Swedish artist and printmaker Åsa Kvissberg explores this concept of human dissonance during modern times in her latest collection of works titled “Connecting/Disconnecting: The impact of social media.” While the subject matter is heavy, it will resonate with most on a primal level, and is not foreboding.
Although some of the pieces are more direct in their statements, others will induce a line of internal questioning. Kvissberg’s technique of multi-layering provides a chaotic, yet ordered backdrop depicting humans in everyday tasks – often with or amongst our varied tools of confusion.
The collection, which is currently on display at the Monarch/Arredon Contemporary Gallery in La Jolla until Jan. 15, poses one question to which the artist wishes to invoke: “Is this a problem?”
“I am by no means implying that social media is wrong,” said Kvissberg. “As humans, we have this innate desire to be the most popular, to be the happiest or make the most money. While this competition is natural, it presents a ‘false reality’ or ‘duplicitous self’ on the Internet.”
Her works cover a range of media: oil tempera, prints made from hand-created etchings, wax and mixed media. While the wax pieces tend to create a lighter, warmer feel (by general nature), the etchings remain a shade darker in content and color palate.
“I’ve always been interested in depicting human relationships, from mostly a feministic point of view,” said Kvissberg. “My aim for this collection was to let everyone know that there can be a ‘space for everyone’ as an individual. When we disconnect from our true reality – the ones we love – what becomes our actual reality?”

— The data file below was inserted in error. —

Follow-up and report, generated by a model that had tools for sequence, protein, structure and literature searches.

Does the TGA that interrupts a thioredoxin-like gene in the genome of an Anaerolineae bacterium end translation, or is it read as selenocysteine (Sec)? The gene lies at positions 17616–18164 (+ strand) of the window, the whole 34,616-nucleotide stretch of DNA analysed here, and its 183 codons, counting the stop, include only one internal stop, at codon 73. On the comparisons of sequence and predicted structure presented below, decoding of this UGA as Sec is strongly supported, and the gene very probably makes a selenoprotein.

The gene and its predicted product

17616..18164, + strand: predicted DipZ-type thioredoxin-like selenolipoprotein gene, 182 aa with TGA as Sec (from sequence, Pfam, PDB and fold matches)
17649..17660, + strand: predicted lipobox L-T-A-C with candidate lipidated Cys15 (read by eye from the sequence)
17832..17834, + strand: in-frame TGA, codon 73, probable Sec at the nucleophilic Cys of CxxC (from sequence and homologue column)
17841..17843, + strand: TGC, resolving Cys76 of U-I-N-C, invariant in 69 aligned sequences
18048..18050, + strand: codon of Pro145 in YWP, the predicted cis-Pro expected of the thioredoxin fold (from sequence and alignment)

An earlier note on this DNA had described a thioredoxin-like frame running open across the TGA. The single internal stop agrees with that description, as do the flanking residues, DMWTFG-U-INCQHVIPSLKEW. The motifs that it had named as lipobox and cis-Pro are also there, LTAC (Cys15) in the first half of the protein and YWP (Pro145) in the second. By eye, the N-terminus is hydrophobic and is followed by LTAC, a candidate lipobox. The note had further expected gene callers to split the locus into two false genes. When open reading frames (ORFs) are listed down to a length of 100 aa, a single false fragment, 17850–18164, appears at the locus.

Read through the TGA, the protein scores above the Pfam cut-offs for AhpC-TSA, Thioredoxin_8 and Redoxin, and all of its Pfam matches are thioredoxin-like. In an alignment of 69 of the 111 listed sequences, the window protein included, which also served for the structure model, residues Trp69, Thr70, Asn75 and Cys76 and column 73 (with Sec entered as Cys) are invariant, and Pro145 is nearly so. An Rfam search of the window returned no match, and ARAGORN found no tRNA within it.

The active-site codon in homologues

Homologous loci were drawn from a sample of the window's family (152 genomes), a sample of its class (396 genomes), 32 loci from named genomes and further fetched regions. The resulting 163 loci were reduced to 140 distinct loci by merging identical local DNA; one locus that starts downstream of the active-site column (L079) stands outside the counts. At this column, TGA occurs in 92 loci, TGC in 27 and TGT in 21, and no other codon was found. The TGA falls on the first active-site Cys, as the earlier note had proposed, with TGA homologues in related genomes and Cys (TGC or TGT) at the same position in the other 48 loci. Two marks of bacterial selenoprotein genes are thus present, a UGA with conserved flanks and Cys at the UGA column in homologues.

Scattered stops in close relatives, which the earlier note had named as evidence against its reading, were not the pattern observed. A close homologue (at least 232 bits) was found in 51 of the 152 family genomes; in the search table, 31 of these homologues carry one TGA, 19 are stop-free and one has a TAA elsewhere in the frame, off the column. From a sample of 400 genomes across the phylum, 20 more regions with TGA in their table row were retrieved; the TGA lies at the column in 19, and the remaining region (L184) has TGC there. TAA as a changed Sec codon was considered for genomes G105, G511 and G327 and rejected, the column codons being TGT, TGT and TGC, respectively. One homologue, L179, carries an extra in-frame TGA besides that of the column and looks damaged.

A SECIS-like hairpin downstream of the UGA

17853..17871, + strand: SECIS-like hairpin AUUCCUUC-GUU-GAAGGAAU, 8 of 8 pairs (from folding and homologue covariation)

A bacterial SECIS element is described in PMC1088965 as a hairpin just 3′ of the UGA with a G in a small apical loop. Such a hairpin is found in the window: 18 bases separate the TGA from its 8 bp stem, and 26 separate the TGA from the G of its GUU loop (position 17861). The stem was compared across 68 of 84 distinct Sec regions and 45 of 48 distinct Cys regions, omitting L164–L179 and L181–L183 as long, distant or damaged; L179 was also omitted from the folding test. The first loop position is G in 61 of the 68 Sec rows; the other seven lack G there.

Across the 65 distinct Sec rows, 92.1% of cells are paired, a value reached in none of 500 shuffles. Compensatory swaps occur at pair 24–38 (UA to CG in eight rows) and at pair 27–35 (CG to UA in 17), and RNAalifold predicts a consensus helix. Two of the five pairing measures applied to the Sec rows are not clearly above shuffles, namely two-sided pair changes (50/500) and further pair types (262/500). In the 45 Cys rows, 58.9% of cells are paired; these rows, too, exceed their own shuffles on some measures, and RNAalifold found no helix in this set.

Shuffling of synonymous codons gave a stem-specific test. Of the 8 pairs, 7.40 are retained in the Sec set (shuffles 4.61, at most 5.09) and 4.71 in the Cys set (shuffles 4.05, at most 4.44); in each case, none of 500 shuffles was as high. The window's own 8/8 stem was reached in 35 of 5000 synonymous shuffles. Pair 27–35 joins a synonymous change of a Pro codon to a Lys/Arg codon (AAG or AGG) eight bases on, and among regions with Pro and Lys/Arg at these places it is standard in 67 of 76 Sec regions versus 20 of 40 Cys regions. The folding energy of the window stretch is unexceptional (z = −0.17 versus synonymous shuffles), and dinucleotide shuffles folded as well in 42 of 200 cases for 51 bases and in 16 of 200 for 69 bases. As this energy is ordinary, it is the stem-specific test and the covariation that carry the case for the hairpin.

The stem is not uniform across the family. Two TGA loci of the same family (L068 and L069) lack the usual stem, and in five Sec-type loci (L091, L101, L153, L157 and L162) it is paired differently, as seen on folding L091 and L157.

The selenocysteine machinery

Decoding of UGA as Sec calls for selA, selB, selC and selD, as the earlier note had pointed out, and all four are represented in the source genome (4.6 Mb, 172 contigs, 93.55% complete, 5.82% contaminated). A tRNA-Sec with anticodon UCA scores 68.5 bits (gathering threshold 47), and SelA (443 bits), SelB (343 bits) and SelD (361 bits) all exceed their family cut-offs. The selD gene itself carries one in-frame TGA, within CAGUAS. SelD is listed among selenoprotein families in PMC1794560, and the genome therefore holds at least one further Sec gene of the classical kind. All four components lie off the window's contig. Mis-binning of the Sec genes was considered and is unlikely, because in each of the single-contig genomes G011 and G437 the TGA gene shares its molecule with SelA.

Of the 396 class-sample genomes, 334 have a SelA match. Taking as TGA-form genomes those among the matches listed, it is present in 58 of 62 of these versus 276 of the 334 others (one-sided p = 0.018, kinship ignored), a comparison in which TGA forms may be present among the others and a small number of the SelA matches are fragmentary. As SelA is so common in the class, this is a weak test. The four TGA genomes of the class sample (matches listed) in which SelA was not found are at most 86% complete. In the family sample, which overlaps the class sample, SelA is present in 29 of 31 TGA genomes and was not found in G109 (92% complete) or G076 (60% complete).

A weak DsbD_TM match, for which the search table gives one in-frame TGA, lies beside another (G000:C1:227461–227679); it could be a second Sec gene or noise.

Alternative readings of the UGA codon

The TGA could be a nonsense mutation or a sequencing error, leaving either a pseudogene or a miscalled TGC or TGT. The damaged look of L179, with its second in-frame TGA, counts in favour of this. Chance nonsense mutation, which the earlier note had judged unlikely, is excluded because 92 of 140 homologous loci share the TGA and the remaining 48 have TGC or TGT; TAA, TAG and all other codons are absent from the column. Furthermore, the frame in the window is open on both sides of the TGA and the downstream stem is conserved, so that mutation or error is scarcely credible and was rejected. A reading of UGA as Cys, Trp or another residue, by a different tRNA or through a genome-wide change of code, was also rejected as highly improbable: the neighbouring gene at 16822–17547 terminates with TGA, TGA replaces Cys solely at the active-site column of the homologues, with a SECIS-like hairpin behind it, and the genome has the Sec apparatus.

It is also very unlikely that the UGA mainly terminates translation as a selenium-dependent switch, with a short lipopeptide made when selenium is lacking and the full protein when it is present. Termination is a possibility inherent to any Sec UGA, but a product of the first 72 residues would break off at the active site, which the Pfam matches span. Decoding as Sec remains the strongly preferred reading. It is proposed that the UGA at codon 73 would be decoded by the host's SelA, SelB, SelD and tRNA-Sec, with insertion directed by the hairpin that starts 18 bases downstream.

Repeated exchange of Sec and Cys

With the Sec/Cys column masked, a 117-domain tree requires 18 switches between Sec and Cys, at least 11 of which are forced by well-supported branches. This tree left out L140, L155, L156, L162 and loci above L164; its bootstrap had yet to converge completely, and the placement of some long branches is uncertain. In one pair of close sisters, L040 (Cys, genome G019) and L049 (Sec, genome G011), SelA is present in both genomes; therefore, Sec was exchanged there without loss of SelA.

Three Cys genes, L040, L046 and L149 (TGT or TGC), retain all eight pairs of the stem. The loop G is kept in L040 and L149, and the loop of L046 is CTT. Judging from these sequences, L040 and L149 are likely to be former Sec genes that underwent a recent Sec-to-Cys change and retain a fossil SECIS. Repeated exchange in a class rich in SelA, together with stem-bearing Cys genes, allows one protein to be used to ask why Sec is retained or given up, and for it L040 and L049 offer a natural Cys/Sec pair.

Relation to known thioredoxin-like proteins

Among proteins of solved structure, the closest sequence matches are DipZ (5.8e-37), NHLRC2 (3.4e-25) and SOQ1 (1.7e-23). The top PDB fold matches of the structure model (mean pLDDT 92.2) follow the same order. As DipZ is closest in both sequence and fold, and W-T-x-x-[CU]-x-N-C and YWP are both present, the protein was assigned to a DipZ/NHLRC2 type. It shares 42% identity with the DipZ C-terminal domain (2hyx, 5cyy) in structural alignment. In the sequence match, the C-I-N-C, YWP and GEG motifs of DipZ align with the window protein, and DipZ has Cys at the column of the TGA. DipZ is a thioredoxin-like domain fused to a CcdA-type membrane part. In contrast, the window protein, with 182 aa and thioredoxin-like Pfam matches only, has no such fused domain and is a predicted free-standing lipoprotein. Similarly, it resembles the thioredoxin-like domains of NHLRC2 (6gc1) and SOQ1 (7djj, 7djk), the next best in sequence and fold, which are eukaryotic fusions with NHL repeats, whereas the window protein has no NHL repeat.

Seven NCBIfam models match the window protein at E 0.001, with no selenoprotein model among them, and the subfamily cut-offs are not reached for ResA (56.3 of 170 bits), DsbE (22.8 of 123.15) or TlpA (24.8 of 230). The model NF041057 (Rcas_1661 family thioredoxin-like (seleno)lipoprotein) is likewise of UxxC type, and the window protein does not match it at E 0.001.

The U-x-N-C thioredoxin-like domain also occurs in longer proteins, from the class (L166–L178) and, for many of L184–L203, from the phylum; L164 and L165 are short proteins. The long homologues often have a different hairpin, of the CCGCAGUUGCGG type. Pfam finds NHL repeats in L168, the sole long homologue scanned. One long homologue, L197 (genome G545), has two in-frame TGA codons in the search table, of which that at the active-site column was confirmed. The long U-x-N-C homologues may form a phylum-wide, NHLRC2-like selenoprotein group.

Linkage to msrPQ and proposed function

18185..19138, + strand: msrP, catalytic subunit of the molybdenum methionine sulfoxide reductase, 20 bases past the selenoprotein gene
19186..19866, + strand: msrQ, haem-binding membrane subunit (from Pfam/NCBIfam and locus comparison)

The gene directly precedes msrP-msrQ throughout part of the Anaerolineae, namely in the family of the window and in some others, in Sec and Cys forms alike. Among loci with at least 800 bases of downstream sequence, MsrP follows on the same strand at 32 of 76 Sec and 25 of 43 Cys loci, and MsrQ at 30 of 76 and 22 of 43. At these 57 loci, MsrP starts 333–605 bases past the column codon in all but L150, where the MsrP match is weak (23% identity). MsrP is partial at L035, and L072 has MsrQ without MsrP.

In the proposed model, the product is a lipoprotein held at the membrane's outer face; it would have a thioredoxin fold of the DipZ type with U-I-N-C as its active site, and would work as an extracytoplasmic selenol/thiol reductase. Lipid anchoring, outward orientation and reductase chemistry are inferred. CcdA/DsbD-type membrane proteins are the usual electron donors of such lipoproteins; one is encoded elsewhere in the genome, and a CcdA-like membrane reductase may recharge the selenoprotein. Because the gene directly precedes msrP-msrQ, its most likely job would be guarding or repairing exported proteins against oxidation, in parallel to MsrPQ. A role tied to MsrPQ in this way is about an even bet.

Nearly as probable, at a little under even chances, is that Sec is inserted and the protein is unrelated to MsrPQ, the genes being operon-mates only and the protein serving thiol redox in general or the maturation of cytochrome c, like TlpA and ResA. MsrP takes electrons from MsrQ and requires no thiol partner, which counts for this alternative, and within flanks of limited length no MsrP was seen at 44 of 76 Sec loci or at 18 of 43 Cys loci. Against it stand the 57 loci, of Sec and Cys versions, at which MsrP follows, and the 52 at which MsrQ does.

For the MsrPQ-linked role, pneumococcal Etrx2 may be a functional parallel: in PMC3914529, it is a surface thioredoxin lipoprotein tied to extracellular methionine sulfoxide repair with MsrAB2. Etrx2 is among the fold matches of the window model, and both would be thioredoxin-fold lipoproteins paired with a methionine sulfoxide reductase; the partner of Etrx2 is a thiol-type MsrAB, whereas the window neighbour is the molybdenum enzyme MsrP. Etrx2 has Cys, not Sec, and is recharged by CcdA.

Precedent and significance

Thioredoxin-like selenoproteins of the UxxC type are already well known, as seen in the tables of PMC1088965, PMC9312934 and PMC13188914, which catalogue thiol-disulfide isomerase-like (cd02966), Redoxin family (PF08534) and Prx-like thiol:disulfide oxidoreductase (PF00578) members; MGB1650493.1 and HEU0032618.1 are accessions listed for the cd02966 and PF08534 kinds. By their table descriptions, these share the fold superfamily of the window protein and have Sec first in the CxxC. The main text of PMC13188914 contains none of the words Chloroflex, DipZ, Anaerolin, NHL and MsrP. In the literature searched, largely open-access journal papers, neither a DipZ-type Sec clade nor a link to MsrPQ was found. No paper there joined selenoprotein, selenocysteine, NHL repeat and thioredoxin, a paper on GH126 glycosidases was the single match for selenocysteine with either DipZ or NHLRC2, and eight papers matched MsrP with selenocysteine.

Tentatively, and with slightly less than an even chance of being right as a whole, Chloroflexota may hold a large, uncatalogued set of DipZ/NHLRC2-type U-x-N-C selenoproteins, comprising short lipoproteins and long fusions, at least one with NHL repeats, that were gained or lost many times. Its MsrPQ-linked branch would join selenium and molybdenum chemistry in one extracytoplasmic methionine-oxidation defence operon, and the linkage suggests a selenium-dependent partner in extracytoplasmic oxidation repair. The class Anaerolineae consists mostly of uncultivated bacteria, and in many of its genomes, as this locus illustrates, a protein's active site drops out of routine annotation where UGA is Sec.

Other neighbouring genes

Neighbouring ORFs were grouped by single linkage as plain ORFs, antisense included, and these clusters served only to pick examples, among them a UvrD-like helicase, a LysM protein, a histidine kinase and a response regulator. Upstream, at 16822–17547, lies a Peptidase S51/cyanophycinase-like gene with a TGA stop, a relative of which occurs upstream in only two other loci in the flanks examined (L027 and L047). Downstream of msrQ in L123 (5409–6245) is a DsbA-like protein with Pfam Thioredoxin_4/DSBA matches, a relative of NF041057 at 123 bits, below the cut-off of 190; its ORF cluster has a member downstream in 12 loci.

There is an underlying maternal instinct contiguous throughout Kvissberg’s pieces. They induce that visceral feeling of a concerned mother, primarily concerned with the health of her children.
“Utilmately, with these works, I just want people to listen and be open to being different,” said Kvissberg.
Kvissberg works from her downtown studio, SDstudio4Art, splitting time between here and Stockholm, Sweden. Though she has several collections shown a year, Kvissberg still finds time to teach younger artists. The question she poses as an artist is a universal one, and during this time of year, it seems more of a welcomed reminder than ever.
*The Monarch/Arredon Contemporary Gallery is Open: Tues. - Sat. 11 a.m. to 5 p.m. and by appointment Sun. and Mon. For more information or to schedule a special curated tour please contact the gallery at firstname.lastname@example.org or 858-454-1231.